The change of weight from one foot to the other as the partners move around the dance floor cause the hips, of both the man and the woman, to move ever so slightly, in a smooth and natural rhythm to move up and down in a continuous motion. The upper torso remains upright, with the shoulders firm. The movement of the hip is also guided by the control exerted by the dancer from the rib cage. The hip movements of both partners go in the same direction throughout the duration of the dance.
There are very few turns in Merengue, and the turns are not dramatic spins like in other dances but rather made using casual steps just like walking and could be achieve with as many steps as the partners choose. It the dancers do decide to turn, they could use a one-hand turn or employ a two-handed turn called Merengue de Figura.
Official dance of the Dominican Republic
The music and the dance had strong African roots and the European nobility initially showed strong repulsion for the Merengue. It was Rafael Trujillo, the former president of the Dominican Republic, who was responsible for its acceptance and popularity and for naming Merengue, both the dance and the music as the official dance and music of the country.
Just like its dance counterpart, the origin of Merengue music had been obscured by time. By all accounts, it was first mentioned in 1854 in the Dominican Republic. The music had suggestive lyrics and the movements of the dancers were on the sensual side, the reasons for the three versions of Merengue music played in the country, depending on the occasion and the location. The oldest form is the Merengue Tipico, also called perico ripiao (ripped parrot), said to be the name of brothel where the music was regularly played. Big band merengue or merengue de orquesta and guitar merengue or merengue de guitarra are the other two types.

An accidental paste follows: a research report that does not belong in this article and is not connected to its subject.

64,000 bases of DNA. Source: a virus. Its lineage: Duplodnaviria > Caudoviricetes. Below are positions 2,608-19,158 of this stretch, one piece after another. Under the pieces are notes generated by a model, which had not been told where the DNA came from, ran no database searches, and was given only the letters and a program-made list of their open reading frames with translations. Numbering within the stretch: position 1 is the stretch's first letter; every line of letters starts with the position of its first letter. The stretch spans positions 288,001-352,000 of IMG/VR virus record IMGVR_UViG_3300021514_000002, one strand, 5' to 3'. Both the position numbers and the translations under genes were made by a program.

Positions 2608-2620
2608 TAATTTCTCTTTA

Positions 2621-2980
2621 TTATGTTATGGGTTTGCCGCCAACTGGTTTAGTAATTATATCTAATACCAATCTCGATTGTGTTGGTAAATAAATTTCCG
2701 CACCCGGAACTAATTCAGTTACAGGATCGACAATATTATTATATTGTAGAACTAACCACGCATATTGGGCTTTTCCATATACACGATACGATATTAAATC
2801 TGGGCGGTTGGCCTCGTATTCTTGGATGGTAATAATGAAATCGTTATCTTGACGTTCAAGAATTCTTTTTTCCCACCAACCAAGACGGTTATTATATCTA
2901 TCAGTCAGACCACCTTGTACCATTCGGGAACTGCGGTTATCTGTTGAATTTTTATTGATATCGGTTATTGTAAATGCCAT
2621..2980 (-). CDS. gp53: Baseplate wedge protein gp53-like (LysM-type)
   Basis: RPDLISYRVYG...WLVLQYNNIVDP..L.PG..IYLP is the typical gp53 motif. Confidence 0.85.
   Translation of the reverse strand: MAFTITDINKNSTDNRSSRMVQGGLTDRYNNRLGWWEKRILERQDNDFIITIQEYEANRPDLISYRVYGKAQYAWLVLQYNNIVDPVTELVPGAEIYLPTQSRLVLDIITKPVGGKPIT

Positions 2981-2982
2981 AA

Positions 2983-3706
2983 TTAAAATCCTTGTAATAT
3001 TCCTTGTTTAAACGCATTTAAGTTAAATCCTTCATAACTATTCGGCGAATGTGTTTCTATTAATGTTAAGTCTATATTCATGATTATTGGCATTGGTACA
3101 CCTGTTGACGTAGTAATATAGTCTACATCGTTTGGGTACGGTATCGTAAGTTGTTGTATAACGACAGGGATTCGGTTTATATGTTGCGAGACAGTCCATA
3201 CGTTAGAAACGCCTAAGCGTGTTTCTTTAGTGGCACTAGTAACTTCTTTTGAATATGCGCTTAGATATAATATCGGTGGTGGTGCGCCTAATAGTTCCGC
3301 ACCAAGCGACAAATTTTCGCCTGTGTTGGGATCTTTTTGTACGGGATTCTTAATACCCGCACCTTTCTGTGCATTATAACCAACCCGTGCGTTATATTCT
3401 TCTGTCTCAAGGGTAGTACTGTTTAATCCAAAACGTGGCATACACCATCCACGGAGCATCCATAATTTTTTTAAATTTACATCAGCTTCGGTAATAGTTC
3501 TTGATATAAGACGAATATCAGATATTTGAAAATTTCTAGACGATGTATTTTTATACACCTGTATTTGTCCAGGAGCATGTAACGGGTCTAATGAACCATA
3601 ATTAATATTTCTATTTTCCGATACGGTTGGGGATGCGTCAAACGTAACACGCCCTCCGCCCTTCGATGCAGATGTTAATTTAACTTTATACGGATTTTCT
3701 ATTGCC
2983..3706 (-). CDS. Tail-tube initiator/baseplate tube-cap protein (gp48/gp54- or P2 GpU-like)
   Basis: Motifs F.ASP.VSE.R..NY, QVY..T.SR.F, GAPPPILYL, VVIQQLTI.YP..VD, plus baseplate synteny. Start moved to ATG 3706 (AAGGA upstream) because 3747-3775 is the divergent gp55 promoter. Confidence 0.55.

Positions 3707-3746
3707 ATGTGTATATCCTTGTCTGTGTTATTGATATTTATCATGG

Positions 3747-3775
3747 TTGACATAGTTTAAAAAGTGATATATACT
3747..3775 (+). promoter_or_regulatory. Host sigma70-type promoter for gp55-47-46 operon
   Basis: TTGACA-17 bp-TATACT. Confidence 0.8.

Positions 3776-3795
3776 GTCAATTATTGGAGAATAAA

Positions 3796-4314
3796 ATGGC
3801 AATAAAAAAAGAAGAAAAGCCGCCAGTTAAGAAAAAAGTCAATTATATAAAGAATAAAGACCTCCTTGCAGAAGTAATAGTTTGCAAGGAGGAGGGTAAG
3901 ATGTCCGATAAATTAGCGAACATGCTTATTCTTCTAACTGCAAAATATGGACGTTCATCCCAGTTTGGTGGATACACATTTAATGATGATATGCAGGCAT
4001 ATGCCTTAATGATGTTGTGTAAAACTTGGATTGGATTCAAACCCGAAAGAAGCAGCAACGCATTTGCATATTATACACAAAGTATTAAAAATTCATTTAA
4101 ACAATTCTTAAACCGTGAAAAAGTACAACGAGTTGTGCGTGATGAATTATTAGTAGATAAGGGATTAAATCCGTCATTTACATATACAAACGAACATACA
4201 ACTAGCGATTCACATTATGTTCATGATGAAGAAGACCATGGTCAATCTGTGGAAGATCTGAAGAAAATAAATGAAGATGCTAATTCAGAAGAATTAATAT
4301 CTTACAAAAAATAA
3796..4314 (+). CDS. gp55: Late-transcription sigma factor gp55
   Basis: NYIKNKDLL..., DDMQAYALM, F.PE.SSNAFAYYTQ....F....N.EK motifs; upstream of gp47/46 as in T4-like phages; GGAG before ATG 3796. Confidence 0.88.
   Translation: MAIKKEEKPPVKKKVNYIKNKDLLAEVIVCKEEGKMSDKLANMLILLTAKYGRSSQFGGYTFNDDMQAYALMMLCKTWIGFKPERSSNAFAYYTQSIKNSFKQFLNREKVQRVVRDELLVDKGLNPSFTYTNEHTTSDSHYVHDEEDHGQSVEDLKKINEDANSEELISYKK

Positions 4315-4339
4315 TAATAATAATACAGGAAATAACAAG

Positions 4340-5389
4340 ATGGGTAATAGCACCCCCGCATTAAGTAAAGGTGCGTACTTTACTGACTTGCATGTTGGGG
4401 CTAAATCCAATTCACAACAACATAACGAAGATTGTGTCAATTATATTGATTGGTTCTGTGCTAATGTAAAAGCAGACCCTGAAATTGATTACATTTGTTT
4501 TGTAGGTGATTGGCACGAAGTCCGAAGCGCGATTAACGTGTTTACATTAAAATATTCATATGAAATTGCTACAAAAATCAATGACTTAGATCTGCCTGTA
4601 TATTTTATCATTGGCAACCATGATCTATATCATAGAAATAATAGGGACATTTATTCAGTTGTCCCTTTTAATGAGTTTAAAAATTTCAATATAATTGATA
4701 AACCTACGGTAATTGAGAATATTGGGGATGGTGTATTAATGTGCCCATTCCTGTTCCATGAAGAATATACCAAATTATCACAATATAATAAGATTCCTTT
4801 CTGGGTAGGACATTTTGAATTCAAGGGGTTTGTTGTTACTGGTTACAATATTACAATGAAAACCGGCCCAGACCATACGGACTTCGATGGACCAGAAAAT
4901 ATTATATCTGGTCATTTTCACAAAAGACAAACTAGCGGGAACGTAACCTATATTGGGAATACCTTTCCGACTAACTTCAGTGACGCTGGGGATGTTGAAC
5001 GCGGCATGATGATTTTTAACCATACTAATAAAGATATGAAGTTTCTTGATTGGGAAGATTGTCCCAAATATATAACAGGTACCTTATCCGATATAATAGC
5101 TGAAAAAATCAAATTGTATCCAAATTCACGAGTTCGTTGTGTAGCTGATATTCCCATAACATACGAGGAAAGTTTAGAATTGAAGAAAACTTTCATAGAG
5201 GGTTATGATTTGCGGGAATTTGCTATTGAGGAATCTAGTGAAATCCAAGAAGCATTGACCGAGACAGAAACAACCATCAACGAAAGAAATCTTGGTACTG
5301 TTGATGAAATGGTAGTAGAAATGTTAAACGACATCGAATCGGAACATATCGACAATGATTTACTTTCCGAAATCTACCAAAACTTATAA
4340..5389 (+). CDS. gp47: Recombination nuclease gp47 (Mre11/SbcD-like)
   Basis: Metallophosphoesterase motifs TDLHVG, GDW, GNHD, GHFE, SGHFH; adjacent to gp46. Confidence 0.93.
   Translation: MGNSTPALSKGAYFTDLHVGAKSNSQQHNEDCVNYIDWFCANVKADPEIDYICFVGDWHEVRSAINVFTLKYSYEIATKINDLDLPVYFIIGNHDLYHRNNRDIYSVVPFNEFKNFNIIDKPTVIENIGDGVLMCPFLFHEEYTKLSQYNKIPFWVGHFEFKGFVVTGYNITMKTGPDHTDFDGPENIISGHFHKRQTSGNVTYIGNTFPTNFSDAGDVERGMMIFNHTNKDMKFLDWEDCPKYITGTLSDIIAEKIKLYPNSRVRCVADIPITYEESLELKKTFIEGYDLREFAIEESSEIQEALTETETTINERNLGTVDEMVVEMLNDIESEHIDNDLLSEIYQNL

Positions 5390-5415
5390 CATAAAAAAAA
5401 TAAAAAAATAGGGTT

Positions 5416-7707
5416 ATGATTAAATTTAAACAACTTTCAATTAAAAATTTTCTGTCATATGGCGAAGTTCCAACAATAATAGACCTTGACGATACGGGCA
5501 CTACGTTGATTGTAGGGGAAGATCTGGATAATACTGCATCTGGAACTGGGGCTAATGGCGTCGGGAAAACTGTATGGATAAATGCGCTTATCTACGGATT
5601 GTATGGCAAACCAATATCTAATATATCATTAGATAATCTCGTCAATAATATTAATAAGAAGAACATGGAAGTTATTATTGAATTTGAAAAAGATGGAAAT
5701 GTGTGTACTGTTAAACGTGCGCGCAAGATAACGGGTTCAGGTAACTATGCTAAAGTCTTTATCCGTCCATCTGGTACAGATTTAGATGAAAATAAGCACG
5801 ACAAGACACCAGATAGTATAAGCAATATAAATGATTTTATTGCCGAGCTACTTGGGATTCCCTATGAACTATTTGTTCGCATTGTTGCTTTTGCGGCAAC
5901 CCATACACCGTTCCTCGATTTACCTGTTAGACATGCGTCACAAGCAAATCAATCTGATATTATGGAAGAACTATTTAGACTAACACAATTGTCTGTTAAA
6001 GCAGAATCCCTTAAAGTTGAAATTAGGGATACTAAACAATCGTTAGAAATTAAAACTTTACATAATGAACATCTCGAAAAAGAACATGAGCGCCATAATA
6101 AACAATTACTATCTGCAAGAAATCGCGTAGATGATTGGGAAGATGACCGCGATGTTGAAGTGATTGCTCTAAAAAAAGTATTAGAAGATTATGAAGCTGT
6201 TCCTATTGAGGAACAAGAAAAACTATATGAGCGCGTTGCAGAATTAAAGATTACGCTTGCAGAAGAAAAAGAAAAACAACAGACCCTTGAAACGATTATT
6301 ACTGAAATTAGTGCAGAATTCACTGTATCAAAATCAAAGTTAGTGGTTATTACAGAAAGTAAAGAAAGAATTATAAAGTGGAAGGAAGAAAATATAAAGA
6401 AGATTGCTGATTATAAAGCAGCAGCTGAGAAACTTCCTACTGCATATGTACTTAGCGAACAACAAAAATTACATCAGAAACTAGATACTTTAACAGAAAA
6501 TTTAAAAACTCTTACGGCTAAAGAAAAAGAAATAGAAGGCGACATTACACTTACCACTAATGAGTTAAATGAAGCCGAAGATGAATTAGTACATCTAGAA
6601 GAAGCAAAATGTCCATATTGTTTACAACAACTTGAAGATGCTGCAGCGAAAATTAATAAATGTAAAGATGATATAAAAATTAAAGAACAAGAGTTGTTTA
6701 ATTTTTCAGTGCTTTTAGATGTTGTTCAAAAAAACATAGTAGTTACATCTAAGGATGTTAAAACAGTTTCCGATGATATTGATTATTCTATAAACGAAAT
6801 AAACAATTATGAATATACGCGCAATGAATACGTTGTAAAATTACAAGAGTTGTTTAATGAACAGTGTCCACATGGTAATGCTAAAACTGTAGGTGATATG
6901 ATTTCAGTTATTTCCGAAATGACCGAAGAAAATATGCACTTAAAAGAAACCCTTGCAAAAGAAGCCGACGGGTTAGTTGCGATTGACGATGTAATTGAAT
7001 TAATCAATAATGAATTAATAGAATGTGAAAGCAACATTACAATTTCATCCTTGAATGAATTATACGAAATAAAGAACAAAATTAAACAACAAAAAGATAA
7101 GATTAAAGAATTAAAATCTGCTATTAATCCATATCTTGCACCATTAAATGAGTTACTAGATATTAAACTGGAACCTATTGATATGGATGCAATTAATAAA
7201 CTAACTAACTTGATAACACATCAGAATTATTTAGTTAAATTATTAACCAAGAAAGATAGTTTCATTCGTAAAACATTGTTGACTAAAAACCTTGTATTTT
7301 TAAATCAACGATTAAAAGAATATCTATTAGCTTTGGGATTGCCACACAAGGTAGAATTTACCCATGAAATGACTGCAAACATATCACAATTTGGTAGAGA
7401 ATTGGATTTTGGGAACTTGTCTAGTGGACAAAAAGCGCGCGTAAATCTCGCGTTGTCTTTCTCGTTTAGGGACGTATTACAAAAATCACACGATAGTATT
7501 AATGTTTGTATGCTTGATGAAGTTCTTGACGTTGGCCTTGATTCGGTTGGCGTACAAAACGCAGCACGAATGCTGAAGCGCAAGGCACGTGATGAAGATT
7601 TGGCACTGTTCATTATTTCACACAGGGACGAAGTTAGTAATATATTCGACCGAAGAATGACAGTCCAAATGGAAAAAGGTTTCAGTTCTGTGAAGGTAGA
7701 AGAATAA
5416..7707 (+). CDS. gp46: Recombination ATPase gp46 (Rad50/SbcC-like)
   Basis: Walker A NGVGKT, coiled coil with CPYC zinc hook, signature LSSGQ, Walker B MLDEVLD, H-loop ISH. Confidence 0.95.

The Merengue music is arranged in a fast 2/4 beat, traditionally played with an accordion, a güira and a two-sided drum called a tambora. Also common are caballito rhythm arrangement with a quarter and two-eighths beat. For the purists, though, the true Merengue music is one with a quintillo, its signature rhythm, characterized by a regular pattern that is broken by five successive hits on the drum, played at the transition between each second and third beats. The hits on the drum alternate between using drumstick and the hand.
Francisco “Ñico” Lora was a prolific merengue composed and popularized the inclusion of the accordion in Merengue music. Tatico Hernandez on the other hand introduced the use of a saxophone and replaced the marimba with the electric bass. He was behind some popular Merengue songs like Comiendo Gallina, El Mango and Altagracia. Other composers continued the innovation while still composing Merengue Tipico, using a bass drum with foot pedals. Around the early part of the 1900s, new composers began to appear, composing orchestrated and written musical scores for Merengue. Santiago’s Juan Francisco Garcia composed Ecos del Cibao in 1918. Luis Alberti wrote the Compadre Pedro Juan in 1936. After 1961, other composers and band leaders began to upgrade Merengue’s beat, creating more showy choreography that showed influences of salsa, and some even with rock and disco rhythms. Fusion Merengue was popularized by groups such as Cheche Abreu and Los Hermanos Rosario. The new and more basic rhythms made it easier to adapt other styles like the Mexican rancheras, pop music from North America, the vallenato from Colombia and the Dominican Republic’s own bachata.